Fishing homesteads were established in the inner and outer reaches of the Luvia archipelago

The Luvia archipelago off Eurajoki began to rise gradually from the sea about 500 years ago. The coastline formed numerous islets and islands. Long before permanent settlement, fishermen, hunters, and seafarers were moving along the sea and coast.

Nationally important fishing settlements are located in both the inner and outer areas of the Luvia Archipelago. The first fishing homesteads or crofts were established in the late 18th century on their own islands in a sheltered place, where small-scale cultivation and grazing were also possible.

The first settlements in the 18th century were the fishing crofts on the islands of  Hyviluoto and Säppi, as well as a pilot station on Pirskeri Island. A few settlements also consisted of individual fishing homesteads and crofts only.

 Black and white image of an old wooden rowboat amongst rocks on the shore.
Normal transport method in the archipelago was a rowing boat.

Traditional enclosures still exist today

The outer part of the Luvia Archipelago consists of a chain of islands which include Pastuskeri, Kuiskeri, Kinaskeri, Parskeri, Pirskeri ja south-Pirskeri. An example of a well-preserved enclosure can be found in the fishing homestead located on the island of Takholm-Pastuskeri. The main building of the Väpäreenkari fishing stead, south of Kuiskeri, was completed in 1883.

The buildings on the eastern shore of Kinaskeri Island date from the early 20th century. The former pilot station of Pirskeri Island represents an older settlement, i.e. the first phase of its main building was already completed in the late 18th century. The island of South Pirskeri has four fishing homesteads which were established in the early 19th century.

On the northern part of the island are local areas known as Haapaniemi ja Saaristo, both of which also have small fields of arable land. In addition, there are two fishing homesteads in the southern part of the island with their main buildings dating back to the 19th century in an area called Ulko-Rounoori.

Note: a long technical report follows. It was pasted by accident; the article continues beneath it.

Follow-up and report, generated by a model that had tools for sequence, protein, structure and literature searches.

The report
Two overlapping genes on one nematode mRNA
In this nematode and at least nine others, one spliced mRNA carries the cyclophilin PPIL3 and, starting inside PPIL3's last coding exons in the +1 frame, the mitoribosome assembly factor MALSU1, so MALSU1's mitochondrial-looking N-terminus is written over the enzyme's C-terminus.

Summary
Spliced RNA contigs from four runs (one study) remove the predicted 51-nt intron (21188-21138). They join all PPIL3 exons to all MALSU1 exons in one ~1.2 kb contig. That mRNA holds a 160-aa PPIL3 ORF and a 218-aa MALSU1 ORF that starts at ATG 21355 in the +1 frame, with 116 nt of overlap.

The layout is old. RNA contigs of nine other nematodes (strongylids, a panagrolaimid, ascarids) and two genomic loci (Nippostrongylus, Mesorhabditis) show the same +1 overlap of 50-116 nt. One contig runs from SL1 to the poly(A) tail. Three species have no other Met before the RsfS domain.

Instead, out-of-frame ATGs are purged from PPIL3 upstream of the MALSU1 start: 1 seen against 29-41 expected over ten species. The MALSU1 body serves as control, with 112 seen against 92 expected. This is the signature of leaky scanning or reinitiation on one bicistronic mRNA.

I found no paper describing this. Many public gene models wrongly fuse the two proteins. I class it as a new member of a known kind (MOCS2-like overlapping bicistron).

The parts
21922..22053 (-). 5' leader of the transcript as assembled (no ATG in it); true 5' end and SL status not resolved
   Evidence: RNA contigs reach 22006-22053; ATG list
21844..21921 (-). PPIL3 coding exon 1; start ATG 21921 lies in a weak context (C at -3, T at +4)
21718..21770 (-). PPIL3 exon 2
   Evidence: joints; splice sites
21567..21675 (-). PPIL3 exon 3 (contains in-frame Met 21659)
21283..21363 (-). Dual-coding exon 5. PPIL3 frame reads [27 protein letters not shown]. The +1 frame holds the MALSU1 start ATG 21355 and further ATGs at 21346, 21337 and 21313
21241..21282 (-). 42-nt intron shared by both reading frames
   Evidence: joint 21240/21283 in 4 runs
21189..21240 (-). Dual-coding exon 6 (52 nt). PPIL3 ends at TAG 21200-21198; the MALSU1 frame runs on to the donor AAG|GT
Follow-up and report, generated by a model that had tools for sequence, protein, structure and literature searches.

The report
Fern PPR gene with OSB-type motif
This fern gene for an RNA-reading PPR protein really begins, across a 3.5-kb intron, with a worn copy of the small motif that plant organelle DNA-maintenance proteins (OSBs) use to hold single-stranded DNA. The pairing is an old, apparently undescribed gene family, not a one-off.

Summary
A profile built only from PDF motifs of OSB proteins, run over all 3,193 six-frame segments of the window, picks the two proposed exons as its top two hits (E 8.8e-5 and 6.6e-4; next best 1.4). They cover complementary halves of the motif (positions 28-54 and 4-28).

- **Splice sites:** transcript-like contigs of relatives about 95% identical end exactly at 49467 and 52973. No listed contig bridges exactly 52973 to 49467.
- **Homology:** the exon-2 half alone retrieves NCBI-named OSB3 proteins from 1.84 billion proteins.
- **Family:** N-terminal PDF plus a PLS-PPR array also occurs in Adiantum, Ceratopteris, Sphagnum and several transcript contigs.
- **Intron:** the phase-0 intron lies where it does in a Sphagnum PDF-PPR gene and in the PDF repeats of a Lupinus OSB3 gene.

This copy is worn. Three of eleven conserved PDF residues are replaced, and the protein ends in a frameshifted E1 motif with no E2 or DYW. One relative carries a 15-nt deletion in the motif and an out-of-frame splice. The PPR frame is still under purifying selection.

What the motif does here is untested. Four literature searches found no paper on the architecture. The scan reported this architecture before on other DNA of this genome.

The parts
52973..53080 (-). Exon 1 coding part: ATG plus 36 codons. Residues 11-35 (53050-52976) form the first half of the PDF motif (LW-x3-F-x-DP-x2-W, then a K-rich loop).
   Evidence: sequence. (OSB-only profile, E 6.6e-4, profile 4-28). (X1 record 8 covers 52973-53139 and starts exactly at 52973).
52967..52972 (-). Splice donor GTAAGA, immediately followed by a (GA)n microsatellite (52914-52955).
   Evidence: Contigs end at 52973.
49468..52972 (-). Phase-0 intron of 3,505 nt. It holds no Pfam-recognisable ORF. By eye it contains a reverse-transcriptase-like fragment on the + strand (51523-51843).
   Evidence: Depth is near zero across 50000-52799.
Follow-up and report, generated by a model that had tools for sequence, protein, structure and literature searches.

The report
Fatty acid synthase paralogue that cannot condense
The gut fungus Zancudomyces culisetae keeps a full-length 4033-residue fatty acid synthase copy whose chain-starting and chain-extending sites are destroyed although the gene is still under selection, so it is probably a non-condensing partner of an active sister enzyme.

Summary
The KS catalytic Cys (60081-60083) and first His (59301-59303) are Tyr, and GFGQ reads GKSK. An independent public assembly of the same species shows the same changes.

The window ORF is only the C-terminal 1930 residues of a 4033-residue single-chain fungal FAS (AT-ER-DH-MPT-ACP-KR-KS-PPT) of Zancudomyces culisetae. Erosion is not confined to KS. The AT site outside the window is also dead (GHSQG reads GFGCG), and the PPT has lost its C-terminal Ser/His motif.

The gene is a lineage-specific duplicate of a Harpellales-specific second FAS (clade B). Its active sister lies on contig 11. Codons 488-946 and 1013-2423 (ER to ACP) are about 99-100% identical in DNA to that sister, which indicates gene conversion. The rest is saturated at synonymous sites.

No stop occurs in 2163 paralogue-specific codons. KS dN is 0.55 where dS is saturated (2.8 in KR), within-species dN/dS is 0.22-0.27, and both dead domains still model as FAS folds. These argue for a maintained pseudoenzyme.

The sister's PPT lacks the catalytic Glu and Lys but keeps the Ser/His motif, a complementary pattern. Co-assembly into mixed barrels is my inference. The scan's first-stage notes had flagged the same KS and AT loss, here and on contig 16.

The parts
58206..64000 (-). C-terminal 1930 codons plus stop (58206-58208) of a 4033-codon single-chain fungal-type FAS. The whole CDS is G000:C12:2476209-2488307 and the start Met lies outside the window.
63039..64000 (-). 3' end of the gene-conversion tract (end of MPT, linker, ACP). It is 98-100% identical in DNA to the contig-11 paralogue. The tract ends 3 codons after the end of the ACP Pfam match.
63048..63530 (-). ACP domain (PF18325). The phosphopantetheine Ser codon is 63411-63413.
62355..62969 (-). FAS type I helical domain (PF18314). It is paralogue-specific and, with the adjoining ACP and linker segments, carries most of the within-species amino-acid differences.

In the inner archipelago, there are three old fishing homesteads located on Hyviluoto Island. On the east coast is Hyviluoto homestead, which was founded in the 1700s and whose buildings have been preserved as a compact unit. The main building dates from the mid-19th century.

On Takskeri Island, the exterior of the dwelling in the fishing homestead, with its square-shaped enclosure, is from the 1920s. The main building of the Anteskeri fishing settlement dates from the 1910s. Its enclosure is surrounded by rock cairns, which are considered ancient relics.

 A seabird standing on a rock in front of an island.
Rocky shores of Ryöväskeri island.

Fishing, seafaring, shipbuilding, and quarrying were practiced on the coast and in the archipelago

In addition to fishing, shipping and shipbuilding were practiced along the Luvia coast and in the archipelago. The important inner sea route of Ledsund passed through the Luvia archipelago. The protective archipelago provided a place of rest and refuge for sailors sailing both south and north.

The area around Pirskeri Island in the outer reaches of the Luvia archipelago has long been a resting place for sailing ships. The sailing route south of Pori passed through Pirskeri harbour.

Quarrying for paving stones has also been practiced in the Luvia archipelago. Among other locations, stone from the island of Klopa in the northern part of the outer archipelago was collected and quarried at the beginning of the 20th century. This stone was sent to the city of Pori.

 An old sailboat in the horizon.
Landscape from Ryöväskeri, galeas Ihana on the horizon.

Fishing homestead, crofts and villas were built on the island

Proper settlement of the Luvia archipelago did not take place until the 19th century. In addition to the individual fishing steads and crofts, the archipelago also includes later villa dwellings from the late 19th and early 20th centuries.

After the world wars, the livelihoods and settlements of the Luvia archipelago and coast underwent major changes. Fur farming along the coast became a new industry alongside fishing. Nevertheless, fishing homesteads in the archipelago began to be abandoned. The final abandonment took place in the 1960s and 1970s.

The Kinnaskeri Island fishing homestead was transferred to the Coast Guard in 1961. In the late 20th century, some fishing steads and islands were converted into holiday homes and summer cottages.

 Coastal vegetation.
Landscape of Ryöväskeri island.

How and why is this location protected? 

The Finnish Heritage Agency has defined the fishing villages of the Luvia Archipelago as nationally significant constructed cultural environments. Read more about the protection in the Finnish Heritage Agency's register!

To the west of the outer archipelago, a group of small islands and islets has been designated as a Natura 2000 nature protection area.


The islands can only be reached by private boat.

Finnish Heritage Agency's mapservice

N: 6818991, E: 201491 (ETRS-TM35FIN)